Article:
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Philip R. Nolan, J.Jason McAnany; The Effects Of Light Adaptation On The Harmonic Components Of The Flicker Electroretinogram. Invest. Ophthalmol. Vis. Sci. 2012;53(14):5704.
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© ARVO (1962-2015); The Authors (2016-present)
This study evaluated the effects of light adaptation on the harmonic components of the 31-Hz flicker ERG to determine how changes in these response components affect the shape of the flicker ERG during light adaptation.
Full-field ERGs were recorded from three subjects with no history of eye disease (ages 24 to 60 years) using a Diagnosys stimulating and recording system and conventional recording techniques. Following 30 minutes ofdark-adaptation, the subjects were exposed to a uniform adapting field of 50cd/m2 that was generated by the sum of middle- and long-wavelength LEDs. The field, which was presented for approximately 15 minutes, was intermittentlymodulated sinusoidally for approximately 1 s at a temporal frequency of 31.25 Hz.The ERG was recorded during the sinusoidal modulation and Fourier analysis was used to obtain the response amplitude and phase of the fundamental, second, and third harmonic components.
The fundamental response amplitude increased by almost a factor of two, over approximately 9 minutes, consistent with previous reports. The amplitude of the second harmonic also increased by almost a factor of two, although the time-course was approximately ten times faster than that of the fundamental. The amplitude of third harmonic component increased by a factor of four, a larger increase than that of the fundamental or second harmonic, with a time-course that was between that of the fundamental and second harmonic. The phase of the fundamental was unaffected by light adaptation, whereas the phase of the second and third harmonic components both increased by 45 degrees. However, the phase of the second harmonic component had a time-course that was slower than the third harmonic component.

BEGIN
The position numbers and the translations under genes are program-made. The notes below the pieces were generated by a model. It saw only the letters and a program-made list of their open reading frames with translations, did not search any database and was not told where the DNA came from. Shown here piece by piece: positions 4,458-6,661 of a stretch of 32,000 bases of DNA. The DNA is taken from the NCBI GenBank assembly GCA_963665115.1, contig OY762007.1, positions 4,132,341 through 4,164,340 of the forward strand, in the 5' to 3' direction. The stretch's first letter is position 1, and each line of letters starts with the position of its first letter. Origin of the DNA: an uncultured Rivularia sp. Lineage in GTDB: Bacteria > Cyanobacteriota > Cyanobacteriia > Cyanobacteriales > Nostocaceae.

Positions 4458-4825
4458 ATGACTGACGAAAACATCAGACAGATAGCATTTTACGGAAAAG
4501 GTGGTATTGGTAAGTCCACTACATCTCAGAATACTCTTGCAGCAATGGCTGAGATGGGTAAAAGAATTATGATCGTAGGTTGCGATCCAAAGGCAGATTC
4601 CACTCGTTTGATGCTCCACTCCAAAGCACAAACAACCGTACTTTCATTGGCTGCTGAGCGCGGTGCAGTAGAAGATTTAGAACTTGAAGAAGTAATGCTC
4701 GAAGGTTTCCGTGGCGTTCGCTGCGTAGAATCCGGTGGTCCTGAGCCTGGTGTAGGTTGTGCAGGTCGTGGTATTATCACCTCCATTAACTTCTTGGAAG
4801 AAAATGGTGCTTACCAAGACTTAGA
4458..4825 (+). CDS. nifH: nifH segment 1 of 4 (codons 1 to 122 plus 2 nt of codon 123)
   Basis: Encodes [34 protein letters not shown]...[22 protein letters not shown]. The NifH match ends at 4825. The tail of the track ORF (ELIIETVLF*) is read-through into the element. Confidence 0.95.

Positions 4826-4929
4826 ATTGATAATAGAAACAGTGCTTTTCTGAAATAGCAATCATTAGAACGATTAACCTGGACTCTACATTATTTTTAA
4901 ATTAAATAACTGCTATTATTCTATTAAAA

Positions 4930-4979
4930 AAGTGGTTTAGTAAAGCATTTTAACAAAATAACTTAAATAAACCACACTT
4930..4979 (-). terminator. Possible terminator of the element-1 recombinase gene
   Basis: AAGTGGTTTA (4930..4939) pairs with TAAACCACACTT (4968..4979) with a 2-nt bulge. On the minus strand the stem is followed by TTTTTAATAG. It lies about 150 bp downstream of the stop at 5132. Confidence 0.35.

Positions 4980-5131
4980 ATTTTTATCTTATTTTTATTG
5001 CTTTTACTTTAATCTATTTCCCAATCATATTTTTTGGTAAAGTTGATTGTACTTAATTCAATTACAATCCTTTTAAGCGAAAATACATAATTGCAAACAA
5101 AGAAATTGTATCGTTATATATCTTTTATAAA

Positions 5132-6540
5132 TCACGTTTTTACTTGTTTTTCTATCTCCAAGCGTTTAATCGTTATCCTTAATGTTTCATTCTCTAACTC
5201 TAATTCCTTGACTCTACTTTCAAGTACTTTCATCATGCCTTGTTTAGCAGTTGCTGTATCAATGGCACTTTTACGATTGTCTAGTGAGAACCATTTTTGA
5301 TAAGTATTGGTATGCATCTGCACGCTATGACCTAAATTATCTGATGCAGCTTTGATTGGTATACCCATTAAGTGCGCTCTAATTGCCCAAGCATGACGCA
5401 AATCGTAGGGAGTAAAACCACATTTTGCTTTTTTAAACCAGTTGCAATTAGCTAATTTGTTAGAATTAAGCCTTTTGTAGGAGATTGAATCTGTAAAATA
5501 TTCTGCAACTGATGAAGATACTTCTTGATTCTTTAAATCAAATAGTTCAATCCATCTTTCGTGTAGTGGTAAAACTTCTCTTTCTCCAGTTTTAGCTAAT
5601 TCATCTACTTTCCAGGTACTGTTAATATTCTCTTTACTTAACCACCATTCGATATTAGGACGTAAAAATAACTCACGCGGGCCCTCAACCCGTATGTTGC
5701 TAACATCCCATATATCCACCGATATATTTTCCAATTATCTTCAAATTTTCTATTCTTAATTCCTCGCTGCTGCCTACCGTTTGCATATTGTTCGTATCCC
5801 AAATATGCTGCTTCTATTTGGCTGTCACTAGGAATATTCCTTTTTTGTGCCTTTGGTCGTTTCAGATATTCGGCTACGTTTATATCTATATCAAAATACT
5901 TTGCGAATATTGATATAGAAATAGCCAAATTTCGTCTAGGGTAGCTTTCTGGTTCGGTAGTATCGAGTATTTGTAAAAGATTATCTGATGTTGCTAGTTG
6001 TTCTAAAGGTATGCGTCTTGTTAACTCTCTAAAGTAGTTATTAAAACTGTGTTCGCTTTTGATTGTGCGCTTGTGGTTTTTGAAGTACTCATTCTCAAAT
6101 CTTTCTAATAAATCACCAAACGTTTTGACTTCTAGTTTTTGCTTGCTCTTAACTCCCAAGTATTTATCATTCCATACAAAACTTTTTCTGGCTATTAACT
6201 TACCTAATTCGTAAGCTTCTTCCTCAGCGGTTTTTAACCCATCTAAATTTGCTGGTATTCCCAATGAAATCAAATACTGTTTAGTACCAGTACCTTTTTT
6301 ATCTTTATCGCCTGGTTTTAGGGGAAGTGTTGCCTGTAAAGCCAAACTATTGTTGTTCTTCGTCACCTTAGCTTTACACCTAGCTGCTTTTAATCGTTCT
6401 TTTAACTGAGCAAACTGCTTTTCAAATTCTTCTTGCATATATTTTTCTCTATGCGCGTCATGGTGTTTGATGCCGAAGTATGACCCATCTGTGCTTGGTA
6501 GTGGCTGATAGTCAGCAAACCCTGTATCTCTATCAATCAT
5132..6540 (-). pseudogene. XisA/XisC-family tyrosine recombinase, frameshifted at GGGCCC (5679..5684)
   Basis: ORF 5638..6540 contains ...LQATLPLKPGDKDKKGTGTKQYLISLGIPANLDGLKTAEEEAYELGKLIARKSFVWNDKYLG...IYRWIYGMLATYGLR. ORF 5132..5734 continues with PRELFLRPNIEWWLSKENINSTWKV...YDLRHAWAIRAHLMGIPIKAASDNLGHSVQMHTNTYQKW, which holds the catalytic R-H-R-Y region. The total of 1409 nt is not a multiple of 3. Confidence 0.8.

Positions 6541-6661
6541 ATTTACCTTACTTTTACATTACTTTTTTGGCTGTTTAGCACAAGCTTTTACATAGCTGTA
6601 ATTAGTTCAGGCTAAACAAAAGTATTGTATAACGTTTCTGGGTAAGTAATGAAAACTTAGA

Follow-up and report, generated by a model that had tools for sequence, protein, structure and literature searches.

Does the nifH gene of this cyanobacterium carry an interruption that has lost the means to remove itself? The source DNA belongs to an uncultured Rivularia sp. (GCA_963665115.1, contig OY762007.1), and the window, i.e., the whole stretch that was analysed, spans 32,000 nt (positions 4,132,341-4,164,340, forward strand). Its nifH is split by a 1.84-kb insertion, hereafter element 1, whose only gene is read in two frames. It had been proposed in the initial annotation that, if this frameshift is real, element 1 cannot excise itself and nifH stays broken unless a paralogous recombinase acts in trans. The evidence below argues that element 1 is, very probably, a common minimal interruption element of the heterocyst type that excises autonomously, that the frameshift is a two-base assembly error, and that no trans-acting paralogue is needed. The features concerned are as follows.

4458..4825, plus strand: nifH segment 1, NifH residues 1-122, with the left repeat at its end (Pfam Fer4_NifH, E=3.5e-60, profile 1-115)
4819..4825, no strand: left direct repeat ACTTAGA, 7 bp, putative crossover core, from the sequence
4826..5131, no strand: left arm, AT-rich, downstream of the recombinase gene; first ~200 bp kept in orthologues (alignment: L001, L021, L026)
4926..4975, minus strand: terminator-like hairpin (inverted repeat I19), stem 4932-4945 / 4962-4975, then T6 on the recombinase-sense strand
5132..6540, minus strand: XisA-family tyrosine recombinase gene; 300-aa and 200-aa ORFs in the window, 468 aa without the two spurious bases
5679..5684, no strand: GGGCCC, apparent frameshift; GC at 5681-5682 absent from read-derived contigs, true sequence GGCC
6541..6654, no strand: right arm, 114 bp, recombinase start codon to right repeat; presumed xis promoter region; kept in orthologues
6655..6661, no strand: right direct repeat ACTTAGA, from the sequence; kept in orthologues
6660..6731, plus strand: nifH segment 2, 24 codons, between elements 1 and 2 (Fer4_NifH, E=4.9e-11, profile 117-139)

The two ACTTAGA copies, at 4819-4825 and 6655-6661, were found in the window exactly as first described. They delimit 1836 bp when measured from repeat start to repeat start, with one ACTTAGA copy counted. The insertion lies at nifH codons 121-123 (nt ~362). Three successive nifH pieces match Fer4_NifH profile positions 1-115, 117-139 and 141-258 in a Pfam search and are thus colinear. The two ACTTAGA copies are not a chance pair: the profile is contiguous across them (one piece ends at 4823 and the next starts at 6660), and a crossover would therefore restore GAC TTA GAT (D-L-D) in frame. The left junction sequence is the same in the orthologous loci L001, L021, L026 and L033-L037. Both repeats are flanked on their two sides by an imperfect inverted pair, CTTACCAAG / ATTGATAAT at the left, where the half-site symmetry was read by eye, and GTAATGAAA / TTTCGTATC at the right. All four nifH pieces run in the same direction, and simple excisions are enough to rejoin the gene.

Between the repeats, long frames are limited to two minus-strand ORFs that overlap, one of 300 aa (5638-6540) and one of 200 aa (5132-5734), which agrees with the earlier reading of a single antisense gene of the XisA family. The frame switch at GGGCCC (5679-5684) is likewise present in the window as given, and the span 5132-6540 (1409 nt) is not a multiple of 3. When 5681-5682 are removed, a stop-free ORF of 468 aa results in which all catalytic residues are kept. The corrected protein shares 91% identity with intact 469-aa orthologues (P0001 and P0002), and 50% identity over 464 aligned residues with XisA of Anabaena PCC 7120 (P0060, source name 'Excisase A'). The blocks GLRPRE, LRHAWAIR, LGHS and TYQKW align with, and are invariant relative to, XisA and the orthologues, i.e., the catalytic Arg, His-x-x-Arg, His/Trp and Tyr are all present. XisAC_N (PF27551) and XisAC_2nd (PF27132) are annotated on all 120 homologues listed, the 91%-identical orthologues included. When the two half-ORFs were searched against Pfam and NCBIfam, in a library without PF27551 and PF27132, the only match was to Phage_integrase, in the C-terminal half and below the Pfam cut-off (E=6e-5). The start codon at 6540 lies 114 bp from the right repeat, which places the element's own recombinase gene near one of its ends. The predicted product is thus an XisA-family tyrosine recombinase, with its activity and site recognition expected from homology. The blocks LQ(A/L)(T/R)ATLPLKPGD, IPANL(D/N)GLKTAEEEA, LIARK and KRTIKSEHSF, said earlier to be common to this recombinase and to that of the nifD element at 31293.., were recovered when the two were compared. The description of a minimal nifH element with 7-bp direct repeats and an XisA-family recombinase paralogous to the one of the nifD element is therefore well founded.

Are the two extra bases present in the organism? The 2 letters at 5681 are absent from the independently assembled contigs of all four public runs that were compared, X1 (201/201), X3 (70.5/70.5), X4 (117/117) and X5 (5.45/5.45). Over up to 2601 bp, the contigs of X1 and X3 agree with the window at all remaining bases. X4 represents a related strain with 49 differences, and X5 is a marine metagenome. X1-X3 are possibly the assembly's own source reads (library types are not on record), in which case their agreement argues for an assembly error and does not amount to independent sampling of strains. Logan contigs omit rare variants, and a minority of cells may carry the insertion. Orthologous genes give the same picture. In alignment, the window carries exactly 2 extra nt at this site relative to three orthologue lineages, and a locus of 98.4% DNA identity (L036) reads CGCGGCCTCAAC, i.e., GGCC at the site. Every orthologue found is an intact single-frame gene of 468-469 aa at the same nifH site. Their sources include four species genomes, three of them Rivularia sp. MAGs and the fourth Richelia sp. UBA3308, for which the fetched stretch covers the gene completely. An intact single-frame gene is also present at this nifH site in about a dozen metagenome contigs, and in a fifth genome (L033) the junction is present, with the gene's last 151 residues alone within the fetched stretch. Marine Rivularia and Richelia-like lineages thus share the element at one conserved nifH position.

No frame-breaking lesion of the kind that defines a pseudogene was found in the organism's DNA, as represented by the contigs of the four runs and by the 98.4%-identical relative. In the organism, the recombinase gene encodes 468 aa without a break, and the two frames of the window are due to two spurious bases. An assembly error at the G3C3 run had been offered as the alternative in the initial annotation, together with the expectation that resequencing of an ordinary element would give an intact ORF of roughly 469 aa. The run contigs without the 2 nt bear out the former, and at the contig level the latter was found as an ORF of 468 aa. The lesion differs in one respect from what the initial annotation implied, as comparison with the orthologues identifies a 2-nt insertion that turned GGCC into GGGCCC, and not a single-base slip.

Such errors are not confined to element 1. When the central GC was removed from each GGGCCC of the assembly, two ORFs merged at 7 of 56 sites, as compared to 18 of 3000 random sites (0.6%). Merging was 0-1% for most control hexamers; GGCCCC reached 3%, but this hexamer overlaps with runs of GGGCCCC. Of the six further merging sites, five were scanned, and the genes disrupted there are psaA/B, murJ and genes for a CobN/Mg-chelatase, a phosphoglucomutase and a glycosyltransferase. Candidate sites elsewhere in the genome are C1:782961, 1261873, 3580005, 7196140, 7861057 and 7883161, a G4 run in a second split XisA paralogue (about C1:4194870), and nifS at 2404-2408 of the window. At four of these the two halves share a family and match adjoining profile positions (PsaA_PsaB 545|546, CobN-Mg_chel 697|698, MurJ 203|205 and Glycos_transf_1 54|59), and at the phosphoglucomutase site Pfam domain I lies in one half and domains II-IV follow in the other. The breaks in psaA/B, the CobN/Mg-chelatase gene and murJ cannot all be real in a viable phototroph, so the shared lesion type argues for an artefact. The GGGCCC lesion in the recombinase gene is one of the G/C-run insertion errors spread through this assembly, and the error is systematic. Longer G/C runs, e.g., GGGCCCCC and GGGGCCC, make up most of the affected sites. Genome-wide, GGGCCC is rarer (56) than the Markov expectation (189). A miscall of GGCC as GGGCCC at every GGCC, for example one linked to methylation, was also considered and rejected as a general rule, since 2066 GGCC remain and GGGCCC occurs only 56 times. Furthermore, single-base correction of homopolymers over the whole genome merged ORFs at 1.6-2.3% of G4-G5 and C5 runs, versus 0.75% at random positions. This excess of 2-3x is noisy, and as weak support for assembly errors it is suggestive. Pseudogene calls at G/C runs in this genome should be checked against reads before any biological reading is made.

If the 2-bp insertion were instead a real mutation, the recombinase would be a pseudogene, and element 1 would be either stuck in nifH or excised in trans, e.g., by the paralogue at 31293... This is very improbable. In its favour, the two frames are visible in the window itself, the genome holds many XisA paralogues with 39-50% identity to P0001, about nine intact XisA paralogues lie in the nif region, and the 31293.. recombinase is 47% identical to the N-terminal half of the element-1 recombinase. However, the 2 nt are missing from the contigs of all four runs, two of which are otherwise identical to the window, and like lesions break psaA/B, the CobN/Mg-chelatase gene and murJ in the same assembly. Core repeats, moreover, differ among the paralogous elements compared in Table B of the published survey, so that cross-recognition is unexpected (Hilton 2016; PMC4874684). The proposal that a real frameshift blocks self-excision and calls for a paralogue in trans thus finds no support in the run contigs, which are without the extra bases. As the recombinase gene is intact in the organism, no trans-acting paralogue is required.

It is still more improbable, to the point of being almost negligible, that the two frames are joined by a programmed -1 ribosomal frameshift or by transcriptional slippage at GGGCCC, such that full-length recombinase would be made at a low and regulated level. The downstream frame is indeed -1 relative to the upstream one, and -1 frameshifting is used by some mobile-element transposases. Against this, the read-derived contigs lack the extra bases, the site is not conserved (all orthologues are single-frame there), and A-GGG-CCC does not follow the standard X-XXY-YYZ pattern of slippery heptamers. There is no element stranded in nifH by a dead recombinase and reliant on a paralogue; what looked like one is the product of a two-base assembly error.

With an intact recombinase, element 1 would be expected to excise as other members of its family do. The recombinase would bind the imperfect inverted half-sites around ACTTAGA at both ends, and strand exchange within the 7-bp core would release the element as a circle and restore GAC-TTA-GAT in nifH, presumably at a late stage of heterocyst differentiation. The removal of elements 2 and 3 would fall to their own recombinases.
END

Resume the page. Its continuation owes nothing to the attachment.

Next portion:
Light adaptation had different effects on the first, second, and third harmonic components of the 31-Hz flicker ERG, which resulted in the response becoming progressively less sinusoidal over the course of adaptation. The differential effect of light adaption on the harmonic components is consistent with multiple retinal sites of light adaptation.
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